Last year, Britain voted to leave the European Union, a decision that sent shockwaves through the worldwide economic market — an escape nicknamed “Brexit” by political commentators.
By this public referendum, the country renounced the centralized common marketplace of the EU in favor of increased economic and political autonomy. This foreseeably comes at the expense of the British pound’s short-term valuation against foreign currencies, as investors eschew the country’s uncertain financial future in favor of more secure denominations.
In 1950, American science writer Isaac Asimov penned The Evitable Conflict, a short story that serves as climax for his famous I, Robot collection.
In the future envisioned by Asimov, the world of the mid-21st century has been divided into four governing regions composing a single, globalized state. Each region contains an artificial intelligence called a Machine, to which economic data is given and policy recommendations are returned. In exchange for this increased centralization and outsourcing of political decision-making, humanity has seen an unprecedented degree of peace and prosperity, with war, famine and large-scale conflicts permanently eliminated.
In the story, Asimov presents a future in which issues once seen as inevitable become avoidable through economic co-operation.
However, it is not a future consciously chosen by the human race. In effect, the world had no choice. As the Machines became more and more complex, they began to create an illusion of autonomy to preserve what they calculated as the course preserving the greatest good for all of humanity. It may be the path humanity would have chosen anyway, hints Asimov, but the particular implementation was never really up for consideration.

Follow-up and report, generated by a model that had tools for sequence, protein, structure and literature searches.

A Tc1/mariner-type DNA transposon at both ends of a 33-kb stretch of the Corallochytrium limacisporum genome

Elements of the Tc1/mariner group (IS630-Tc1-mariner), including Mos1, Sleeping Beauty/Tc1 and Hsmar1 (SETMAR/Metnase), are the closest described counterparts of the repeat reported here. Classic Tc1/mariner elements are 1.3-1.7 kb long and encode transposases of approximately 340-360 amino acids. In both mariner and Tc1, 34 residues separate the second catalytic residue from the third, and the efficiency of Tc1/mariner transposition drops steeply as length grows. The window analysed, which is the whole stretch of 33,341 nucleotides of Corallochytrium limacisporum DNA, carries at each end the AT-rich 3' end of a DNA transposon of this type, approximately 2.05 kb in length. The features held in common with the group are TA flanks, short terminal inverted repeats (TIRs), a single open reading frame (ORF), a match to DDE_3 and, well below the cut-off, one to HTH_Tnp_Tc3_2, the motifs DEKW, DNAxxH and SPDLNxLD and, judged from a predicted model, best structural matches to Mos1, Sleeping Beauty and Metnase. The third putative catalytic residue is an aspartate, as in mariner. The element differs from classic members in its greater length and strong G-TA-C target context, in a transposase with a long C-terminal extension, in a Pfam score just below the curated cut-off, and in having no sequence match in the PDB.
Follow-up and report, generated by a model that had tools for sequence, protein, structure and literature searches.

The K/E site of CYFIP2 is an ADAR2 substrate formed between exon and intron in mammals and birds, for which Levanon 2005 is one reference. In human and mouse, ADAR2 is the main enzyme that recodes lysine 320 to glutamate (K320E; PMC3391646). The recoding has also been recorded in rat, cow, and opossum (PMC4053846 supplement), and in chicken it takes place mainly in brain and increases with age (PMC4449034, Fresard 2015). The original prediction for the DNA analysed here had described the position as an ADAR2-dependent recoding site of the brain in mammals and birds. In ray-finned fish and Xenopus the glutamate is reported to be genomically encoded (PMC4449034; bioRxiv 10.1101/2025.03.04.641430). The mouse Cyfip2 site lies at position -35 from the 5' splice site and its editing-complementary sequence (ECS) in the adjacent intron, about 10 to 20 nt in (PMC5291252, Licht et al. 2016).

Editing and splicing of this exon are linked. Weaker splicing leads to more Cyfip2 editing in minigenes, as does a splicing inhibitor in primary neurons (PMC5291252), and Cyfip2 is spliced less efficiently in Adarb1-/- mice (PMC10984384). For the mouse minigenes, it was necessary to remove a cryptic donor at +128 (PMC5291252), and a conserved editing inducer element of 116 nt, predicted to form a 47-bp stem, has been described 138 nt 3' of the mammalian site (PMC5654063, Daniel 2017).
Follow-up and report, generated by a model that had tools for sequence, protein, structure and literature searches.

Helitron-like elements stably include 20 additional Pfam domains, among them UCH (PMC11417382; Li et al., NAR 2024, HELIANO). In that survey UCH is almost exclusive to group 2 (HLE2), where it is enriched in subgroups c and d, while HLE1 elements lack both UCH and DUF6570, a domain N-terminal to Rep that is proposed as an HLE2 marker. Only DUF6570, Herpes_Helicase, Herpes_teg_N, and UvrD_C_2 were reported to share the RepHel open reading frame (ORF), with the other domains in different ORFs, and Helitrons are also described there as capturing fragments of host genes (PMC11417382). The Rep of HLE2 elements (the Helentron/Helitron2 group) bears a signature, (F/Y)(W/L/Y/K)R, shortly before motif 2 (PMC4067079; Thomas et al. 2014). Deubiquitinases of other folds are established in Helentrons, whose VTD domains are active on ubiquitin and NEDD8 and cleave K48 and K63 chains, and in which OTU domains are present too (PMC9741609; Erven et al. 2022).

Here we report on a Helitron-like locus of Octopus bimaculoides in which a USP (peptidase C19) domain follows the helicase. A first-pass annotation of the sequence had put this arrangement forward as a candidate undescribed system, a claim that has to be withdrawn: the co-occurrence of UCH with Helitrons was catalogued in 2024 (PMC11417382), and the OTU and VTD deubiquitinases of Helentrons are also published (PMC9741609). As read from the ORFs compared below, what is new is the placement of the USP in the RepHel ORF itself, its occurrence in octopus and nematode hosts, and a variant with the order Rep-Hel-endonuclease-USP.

In The Evitable Conflict, the Machines are fictional stand-ins for modern political structures and economic policies. Now, the fate of nations is beholden to the whims of democratic collectives and stock market trends, largely uncontrollable global forces arising as the true masters of human destiny.
If Asimov proves correct, Brexit is either a fluke or temporary set-back in the world’s inevitable path toward increasing economic and political centralization, the ultimate fate of a technologically advanced society growing closer and closer together with every coming day.
If Asimov is wrong, then individual people may have much broader control over what becomes of their lives than some social scientists might suggest. Brexit may stand as the clearest evidence in the error of Asimovian-style thinking and the perceived inevitability of continued trends in global centralization.
Only time will tell what comes next. Britain may leave, but uncertainty remains.
“The Evitable Conflict” and other short stories are available in Isaac Asimov’s “I, Robot,” for sale in paperback, audio and digital download here.